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  • James A. Gustino

False Claims Act primer

The False Claims Act (FCA) is an extraordinarily effective tool to recover taxpayer-funded losses sustained by the U.S. government. It dates back to 1863, and originated as a means of combating the vendor fraud that was pervasive during the Civil War.


In 1986, Congress reworked the terms of the statute to invigorate its reach and offer powerful incentives to employees (and contractors) to come forward and bring to light the fraudulent billing practices of the companies and organizations for whom they work (or worked). Specifically, the FCA authorizes those employees and contractors (commonly referred to as "relators" or, more colloquially, "whistleblowers") to engage counsel to bring litigation on behalf of the U.S. government. The complaint that is filed with the federal district court is initially maintained "under seal" to allow the U.S. government to confidentially investigate the claims presented without the defendant organization receiving any notice that a lawsuit has been filed. After the government's investigation has sufficiently progressed, it elects whether it wishes to take the lead in prosecuting the case or allow the Relator's counsel to do so.

FCA cases can be time-intensive and expensive to bring to trial. However, should the case prove successful -- either at trial and through any appeals or via settlement -- the rewards are potentially quite significant. Generally speaking, in a successful FCA case the relator is entitled to receive a share of the recovery, which can vary between 15 to 25% if the U.S. government takes on the lead prosecution role, and between 25 to 30% if the relator's private counsel prosecutes the case.


Of great import to employees and contractors, the FCA incorporates strong anti-retaliation provisions that offer protection from adverse consequences should they investigate and report potential fraudulent activity. Employees and contractors may not be "discharged, demoted, suspended, threatened, harassed, or in any other manner discriminated against in the terms and conditions of employment by his or her employer" because they investigated, reported or opposed fraud that "reasonably could lead to a viable FCA action,” or under circumstances where it could be determined that litigation was a reasonable possibility. To prove that the employer unlawfully discriminated against the employee or contractor he or she must show that the company had knowledge of the employee's protected activity and that the retaliation was prompted, at least in part, as a consequence of that activity. The legal remedies available to a successful FCA plaintiff are intended to "make the employee whole," and may include: (1) reinstatement with the same seniority status that the employee (or contractor) would have enjoyed but for the discriminatory behavior of the employer; (2) double the amount of back pay that would have been earned (and interest on that back pay award); (3) compensation for any "special damages" suffered (e.g., relocation expenses, severe emotional distress); and (4) reasonable attorneys’ fees and litigation expenses.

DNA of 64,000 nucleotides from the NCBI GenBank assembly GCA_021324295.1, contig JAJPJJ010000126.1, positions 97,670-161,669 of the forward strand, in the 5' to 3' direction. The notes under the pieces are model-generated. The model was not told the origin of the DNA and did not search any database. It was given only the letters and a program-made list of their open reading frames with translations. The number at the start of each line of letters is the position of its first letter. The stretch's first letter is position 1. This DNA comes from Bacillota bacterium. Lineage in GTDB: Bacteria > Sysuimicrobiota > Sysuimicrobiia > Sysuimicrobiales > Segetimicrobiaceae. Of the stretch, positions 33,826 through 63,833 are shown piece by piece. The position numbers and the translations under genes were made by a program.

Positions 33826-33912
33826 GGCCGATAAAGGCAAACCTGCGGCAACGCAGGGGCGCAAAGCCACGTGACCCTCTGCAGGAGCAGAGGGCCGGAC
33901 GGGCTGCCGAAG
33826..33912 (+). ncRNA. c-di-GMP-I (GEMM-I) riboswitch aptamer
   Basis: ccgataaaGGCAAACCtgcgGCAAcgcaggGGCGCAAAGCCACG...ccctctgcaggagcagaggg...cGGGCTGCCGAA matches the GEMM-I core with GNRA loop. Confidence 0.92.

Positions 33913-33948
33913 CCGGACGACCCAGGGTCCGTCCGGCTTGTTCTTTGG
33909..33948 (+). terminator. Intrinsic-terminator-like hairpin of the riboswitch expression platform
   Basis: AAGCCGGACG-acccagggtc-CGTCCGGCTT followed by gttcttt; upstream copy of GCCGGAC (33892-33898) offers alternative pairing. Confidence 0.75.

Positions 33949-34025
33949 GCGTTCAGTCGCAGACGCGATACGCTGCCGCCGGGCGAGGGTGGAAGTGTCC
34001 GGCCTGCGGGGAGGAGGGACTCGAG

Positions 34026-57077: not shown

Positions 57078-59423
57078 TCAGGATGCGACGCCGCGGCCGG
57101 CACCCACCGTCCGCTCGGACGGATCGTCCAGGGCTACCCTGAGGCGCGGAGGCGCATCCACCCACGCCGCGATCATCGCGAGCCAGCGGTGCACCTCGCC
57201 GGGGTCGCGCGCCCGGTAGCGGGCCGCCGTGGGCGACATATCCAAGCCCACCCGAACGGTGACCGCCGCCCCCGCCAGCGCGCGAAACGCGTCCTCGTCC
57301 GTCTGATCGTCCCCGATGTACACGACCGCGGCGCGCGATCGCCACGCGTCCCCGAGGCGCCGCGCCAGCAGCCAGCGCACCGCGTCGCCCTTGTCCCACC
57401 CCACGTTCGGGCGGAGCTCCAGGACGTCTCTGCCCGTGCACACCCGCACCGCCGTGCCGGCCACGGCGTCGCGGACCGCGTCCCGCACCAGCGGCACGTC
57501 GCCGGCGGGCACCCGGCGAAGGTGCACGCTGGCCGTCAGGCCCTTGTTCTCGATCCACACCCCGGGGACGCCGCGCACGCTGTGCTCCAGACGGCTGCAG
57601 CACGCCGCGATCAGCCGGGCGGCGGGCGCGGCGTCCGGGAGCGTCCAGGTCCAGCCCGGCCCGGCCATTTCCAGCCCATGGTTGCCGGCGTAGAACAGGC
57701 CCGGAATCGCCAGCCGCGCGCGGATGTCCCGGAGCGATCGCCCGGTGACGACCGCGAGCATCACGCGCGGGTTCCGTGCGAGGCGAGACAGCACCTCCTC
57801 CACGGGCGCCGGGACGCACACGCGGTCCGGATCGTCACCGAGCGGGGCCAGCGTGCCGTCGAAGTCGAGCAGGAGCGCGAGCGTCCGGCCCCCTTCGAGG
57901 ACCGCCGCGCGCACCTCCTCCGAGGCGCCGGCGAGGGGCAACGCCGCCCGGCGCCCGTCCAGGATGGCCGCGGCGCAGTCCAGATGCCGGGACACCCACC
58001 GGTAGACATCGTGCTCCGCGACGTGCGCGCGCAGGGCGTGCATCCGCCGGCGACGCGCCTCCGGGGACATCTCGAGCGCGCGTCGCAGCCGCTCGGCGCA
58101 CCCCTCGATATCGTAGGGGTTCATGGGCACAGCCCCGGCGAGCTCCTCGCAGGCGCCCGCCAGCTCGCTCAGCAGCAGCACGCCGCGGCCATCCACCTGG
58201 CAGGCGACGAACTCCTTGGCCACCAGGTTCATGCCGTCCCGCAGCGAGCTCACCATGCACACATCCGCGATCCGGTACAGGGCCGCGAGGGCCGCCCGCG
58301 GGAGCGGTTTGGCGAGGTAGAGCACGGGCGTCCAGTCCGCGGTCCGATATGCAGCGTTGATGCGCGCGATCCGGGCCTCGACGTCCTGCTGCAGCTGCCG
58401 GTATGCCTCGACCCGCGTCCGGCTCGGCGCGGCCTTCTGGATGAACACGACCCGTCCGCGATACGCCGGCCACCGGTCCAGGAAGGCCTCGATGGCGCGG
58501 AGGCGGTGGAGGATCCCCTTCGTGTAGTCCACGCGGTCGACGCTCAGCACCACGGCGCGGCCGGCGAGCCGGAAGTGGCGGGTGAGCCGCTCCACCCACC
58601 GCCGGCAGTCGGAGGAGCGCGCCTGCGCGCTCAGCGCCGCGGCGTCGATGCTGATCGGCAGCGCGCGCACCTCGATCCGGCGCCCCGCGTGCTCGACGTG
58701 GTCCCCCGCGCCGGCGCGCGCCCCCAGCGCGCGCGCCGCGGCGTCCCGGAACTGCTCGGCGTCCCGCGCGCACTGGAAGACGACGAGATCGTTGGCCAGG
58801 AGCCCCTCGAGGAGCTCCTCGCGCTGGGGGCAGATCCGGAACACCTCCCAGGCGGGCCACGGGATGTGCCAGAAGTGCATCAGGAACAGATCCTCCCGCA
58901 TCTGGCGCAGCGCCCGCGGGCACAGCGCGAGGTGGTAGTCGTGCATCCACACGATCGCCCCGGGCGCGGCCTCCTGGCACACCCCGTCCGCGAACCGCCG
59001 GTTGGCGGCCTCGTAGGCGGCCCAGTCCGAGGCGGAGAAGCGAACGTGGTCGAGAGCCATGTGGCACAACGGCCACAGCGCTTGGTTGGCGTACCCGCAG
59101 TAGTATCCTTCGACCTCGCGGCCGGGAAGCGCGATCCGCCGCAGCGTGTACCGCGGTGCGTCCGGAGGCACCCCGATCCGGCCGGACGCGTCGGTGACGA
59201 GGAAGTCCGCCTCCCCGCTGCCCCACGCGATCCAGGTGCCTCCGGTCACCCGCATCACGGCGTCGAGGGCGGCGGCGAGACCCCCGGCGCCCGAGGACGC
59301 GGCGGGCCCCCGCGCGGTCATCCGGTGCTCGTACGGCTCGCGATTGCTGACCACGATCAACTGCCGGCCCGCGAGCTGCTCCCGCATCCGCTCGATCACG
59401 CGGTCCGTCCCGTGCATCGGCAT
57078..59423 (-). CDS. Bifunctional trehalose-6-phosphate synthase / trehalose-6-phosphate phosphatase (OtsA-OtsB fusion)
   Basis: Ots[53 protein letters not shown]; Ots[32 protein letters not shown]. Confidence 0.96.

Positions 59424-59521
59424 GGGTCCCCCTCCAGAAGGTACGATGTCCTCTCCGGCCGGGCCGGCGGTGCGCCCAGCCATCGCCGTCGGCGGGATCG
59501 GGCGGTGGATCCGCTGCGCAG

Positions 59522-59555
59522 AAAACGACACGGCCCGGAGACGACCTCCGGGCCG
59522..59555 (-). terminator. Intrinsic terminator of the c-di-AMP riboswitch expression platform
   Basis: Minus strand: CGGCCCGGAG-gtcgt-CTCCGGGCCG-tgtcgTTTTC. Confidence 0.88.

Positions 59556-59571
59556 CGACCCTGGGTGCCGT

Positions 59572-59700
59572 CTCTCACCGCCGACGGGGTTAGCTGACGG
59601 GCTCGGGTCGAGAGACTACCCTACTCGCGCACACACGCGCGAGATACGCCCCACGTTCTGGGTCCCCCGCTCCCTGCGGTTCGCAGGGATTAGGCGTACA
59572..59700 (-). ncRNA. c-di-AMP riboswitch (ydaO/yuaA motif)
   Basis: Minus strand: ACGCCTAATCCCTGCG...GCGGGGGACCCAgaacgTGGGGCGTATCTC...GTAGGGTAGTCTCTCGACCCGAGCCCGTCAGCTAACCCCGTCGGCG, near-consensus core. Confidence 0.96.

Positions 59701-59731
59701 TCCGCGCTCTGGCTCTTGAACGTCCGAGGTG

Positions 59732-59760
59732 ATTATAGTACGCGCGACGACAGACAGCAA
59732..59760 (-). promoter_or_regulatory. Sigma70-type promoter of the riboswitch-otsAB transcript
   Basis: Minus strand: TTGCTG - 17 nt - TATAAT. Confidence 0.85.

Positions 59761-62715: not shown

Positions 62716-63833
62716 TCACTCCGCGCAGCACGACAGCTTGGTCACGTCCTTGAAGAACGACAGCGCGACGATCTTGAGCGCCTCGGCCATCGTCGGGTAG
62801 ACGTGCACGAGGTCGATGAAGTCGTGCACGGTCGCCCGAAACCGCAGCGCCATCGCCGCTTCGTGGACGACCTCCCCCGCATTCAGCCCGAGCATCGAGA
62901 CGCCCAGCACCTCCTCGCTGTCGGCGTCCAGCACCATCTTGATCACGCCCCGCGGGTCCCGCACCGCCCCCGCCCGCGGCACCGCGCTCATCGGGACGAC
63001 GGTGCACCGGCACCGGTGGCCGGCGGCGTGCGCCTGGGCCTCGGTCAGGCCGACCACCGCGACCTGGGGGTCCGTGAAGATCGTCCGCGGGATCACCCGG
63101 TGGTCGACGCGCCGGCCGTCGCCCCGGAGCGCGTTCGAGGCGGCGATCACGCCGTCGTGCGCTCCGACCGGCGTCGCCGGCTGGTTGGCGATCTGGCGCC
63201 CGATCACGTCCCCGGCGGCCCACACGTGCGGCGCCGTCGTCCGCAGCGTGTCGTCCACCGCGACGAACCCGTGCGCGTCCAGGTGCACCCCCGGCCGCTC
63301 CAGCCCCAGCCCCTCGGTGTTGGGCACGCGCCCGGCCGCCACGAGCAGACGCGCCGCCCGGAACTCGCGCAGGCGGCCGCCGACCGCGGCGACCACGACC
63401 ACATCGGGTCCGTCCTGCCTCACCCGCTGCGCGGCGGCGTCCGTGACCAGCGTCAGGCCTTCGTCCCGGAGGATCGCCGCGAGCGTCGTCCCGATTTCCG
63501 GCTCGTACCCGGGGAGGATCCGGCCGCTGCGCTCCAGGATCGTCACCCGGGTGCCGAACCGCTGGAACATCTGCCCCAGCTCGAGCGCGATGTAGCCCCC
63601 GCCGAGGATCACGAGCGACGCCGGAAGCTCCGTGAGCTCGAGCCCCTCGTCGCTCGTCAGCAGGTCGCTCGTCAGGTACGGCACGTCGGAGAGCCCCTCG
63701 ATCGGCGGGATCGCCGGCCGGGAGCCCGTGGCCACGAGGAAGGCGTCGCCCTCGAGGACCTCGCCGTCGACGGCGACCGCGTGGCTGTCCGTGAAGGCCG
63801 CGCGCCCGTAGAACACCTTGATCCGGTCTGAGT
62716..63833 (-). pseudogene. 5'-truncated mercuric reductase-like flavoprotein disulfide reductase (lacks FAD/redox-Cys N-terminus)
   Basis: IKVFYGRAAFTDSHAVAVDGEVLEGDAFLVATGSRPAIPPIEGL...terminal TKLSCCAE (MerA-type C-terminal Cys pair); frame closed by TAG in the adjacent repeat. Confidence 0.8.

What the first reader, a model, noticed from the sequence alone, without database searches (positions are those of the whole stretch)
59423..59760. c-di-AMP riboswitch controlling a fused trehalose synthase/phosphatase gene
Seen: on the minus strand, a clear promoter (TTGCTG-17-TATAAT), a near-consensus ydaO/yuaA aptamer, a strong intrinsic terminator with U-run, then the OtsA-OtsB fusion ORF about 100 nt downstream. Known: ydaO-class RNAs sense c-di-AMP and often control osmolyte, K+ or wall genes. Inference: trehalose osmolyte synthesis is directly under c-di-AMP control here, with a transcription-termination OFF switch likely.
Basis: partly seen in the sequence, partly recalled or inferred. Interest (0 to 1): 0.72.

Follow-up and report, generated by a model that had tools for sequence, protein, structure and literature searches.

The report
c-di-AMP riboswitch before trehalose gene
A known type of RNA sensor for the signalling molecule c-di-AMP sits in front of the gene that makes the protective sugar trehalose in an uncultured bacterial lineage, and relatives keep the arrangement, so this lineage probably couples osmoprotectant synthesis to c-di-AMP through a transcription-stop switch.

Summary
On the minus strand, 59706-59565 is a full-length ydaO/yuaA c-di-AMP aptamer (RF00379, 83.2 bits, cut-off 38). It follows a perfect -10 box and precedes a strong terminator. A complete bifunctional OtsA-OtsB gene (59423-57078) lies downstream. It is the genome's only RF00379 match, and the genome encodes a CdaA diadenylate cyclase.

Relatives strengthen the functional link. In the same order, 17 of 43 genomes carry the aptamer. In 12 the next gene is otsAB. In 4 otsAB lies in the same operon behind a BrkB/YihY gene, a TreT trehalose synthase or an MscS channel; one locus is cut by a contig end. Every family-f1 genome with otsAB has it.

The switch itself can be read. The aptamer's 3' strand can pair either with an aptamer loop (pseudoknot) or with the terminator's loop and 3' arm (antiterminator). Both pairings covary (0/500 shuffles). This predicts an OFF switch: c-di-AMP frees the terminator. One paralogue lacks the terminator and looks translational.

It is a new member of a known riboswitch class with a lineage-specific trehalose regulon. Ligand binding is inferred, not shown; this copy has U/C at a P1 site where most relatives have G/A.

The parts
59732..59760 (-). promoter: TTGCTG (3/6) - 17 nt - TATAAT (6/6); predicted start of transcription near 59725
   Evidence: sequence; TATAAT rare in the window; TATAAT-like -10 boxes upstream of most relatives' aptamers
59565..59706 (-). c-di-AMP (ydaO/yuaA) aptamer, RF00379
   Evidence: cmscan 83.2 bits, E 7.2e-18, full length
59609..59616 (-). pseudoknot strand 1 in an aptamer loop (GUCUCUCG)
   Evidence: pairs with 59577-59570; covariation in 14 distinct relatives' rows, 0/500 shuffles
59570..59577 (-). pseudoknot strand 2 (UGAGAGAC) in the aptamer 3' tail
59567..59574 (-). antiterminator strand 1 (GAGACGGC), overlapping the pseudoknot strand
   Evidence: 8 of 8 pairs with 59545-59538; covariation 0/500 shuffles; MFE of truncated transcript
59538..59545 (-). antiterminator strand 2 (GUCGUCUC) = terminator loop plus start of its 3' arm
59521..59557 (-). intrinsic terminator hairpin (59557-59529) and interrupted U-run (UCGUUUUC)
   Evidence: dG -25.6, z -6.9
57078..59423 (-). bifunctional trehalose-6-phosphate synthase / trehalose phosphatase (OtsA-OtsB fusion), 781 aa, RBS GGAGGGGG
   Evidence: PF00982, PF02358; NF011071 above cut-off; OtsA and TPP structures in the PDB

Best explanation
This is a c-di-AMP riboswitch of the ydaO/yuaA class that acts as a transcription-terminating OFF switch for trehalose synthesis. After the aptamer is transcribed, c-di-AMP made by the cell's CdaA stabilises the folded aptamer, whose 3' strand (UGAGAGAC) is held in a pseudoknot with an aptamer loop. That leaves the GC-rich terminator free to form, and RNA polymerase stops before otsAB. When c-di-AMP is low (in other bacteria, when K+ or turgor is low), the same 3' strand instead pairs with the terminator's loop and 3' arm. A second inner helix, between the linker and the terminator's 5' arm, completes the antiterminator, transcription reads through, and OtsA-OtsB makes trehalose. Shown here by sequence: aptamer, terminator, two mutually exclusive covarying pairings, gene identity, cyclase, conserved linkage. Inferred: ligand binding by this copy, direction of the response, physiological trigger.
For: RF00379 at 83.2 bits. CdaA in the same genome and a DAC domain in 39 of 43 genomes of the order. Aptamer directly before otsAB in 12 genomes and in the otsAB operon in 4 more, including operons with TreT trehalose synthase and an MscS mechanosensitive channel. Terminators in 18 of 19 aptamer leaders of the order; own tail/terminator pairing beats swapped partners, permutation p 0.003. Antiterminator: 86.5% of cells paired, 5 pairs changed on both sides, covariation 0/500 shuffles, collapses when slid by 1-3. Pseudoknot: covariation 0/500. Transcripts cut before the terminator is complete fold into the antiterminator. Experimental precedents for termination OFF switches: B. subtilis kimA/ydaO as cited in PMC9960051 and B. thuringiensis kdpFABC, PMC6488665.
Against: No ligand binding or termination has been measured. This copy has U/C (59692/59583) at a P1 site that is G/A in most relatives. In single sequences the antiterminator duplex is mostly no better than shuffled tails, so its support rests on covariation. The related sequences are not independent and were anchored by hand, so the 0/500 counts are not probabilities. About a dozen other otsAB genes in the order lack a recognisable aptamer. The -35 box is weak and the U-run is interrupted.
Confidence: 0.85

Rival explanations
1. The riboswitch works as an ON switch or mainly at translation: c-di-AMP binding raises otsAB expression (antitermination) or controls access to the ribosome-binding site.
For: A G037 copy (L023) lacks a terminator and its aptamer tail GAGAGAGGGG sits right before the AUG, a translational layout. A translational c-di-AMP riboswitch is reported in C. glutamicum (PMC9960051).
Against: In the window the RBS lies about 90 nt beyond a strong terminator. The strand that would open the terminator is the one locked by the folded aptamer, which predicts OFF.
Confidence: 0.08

FCA cases have been highly effective in uprooting fraud and recovering taxpayer funds lost as a result of such fraud. In fact, since the FCA was amended in 1986, over $62 billion has been recovered by the government: https://www.justice.gov/opa/pr/justice-department-recovers-over-3-billion-false-claims-act-cases-fiscal-year-2019 If you would like more information concerning your rights under the FCA, you are invited to contact the firm for a confidential consultation at no cost to you.

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